Grahamstown Journal

Grahamstown Journal 1873 - 1 - January to March

Wednesday 8 January 1873

BIRTH at Oatlands, January 7th, the wife of Mr. Geo. REYNOLDS of a son.

(Queenstown Representative)
It is our painful duty to record the death by drowning, on New Year’s Eve, of two younger daughters of Mr. Stephen HARDING, of the farm “Queen’s Park”, adjoining the commonage [obscured] to the town. [Transcriber’s note: The rest of report missing due to a torn page. A fuller account can be read in the Queenstown Free Press here]

Friday 10 January 1873

BIRTH at Skitkop Farm, January 5th, Mrs G.R. OWEN of twin sons

BIRTH at Alice on the 26th inst, the wife of Mr. Charles HARPER of a daughter

Monday 13 January 1873

BIRTH at Bishopsbourne, Grahamstown on January 11, the wife of Arthur C. TAWKE Esq, 32nd Light Infantry, of a son.

Few announcements will cause wider or more heartfelt sorrow in the Province, not to say the whole colony, than the announcement we make today, taken over from the London and Colonial News, of the death of the Rev. William SHAW, sometimes designated, and that not altogether inappropriately, “the Apostle of Kafirland”. Everybody at all conversant with the history of this Province will know that Mr. SHAW came to this colony in 1820, as the spiritual guide of a party of British emigrants. It was one of the largest parties then formed, consisting of upwards of a hundred families, associated under the conditions prescribed by the imperial Government. Any party so formed had the privilege of electing their own minister, and though the party in question was composed of members of various religious denominations, all by common consent accepted Mr. SHAW as their future pastor. And perhaps it will not be too much to affirm that no better selection could have been made. It is true he was at the time a young man of but twenty two years of age, but it is no less correct to remark that this juvenility was blended with a gravity of deportment, a considerable amount of practical experience, and by a depth of piety, which placed him at once on a level with men of far more mature age. His extraordinary administrative ability and his consummate discretion were soon seen in reconciling conflicting interests and in maintaining harmony amongst parties of diverse religious opinions, and modes of thought on other subjects. In doing this, nobody could have assumed a less exclusive position that Mr. SHAW, for, although coming hither as a recognised member of the Wesleyan Church, and thus primarily attached to a particular body of emigrants, yet the broad catholicity of his mind, and the manliness of his nature, led him at once to contemplate the general wants of the whole settlement, and to lay himself out to do the most extensive good irrespective of sect or party. And in all this there was the utter absence of ostentation. It must be borne in mind that at the time referred to there was almost an entire absence of religious instruction throughout the settlement, and hence the physical labour of supplying, even in a limited degree, this great want can scarcely be understood or appreciated at the present day. Many who came under the influence of Mr. SHAW’s labours at that early day are still living to testify to his unwearied labours and his devoted endeavours to promote the common good. He himself records, referring to this period, “I ride every other week upwards of one hundred and thirty miles, and must, in future, regularly preach eight times during my round, independent of my Sabbath labours at home, and occasional labours in other places, but after all I cannot go to many who are saying ‘come and help us’. I should desire occasionally to go to the frontier, to the Keiskamma, where there are a thousand British soldiers without any chaplain, and also to visit Bruintjes Hoogte, where there is a considerable population of Dutch and Hottentots without a minister. I am anxious also to visit Somerset, where I hear a number of people are collected together, and to preach regularly on the Sabbath at Grahamstown and some other places.”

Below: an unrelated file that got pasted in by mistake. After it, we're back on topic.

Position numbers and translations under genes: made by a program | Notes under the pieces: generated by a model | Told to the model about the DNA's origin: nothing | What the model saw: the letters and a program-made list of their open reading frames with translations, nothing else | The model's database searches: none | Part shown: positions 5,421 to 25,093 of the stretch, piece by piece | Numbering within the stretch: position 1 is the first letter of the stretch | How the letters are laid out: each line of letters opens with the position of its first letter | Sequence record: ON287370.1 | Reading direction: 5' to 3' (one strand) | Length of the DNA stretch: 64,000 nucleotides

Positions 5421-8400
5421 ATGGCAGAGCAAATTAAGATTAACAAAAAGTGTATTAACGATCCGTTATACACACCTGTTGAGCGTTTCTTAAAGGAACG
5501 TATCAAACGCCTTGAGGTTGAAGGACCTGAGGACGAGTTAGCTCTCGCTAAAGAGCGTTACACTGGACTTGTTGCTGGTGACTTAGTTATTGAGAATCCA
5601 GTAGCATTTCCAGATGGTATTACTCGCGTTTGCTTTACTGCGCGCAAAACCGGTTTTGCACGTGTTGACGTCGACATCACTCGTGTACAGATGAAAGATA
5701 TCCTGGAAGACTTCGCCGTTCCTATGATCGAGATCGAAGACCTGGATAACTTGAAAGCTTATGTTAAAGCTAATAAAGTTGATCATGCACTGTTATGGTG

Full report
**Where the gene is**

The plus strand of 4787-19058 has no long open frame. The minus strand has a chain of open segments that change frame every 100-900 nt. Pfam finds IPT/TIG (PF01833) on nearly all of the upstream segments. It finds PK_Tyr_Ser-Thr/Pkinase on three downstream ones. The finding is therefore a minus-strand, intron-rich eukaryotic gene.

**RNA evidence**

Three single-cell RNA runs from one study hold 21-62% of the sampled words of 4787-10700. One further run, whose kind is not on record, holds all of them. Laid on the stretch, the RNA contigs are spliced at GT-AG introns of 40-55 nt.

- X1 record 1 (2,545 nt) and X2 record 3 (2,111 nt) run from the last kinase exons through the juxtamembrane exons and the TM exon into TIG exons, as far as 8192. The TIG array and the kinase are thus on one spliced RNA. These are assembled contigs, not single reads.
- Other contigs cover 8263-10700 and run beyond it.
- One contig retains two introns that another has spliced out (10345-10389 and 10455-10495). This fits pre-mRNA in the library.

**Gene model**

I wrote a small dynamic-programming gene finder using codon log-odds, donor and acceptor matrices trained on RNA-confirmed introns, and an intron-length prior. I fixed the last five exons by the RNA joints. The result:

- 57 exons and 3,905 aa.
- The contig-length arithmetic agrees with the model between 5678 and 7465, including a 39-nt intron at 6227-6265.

This will show the yearning desire he felt to be made the instrument of extensive good in the country, and though he despaired of overtaking the work before him, or of meeting the wants of the community in which he found himself placed, no individual could apply himself to the task with more singleness of aim, or could be expected to achieve greater triumphs than he with the means at his command. These means, regarded from a worldly point of view, were exceedingly small and insignificant. But then, to compensate for all this, he carried with him, so to speak, a charmed life. His character was absolutely beyond reproach; his influence was operative on all around him. Wherever he went all felt they were in the presence of a good and sincere man. His very deportment commanded respect, vice of every kind standing abashed in his presence.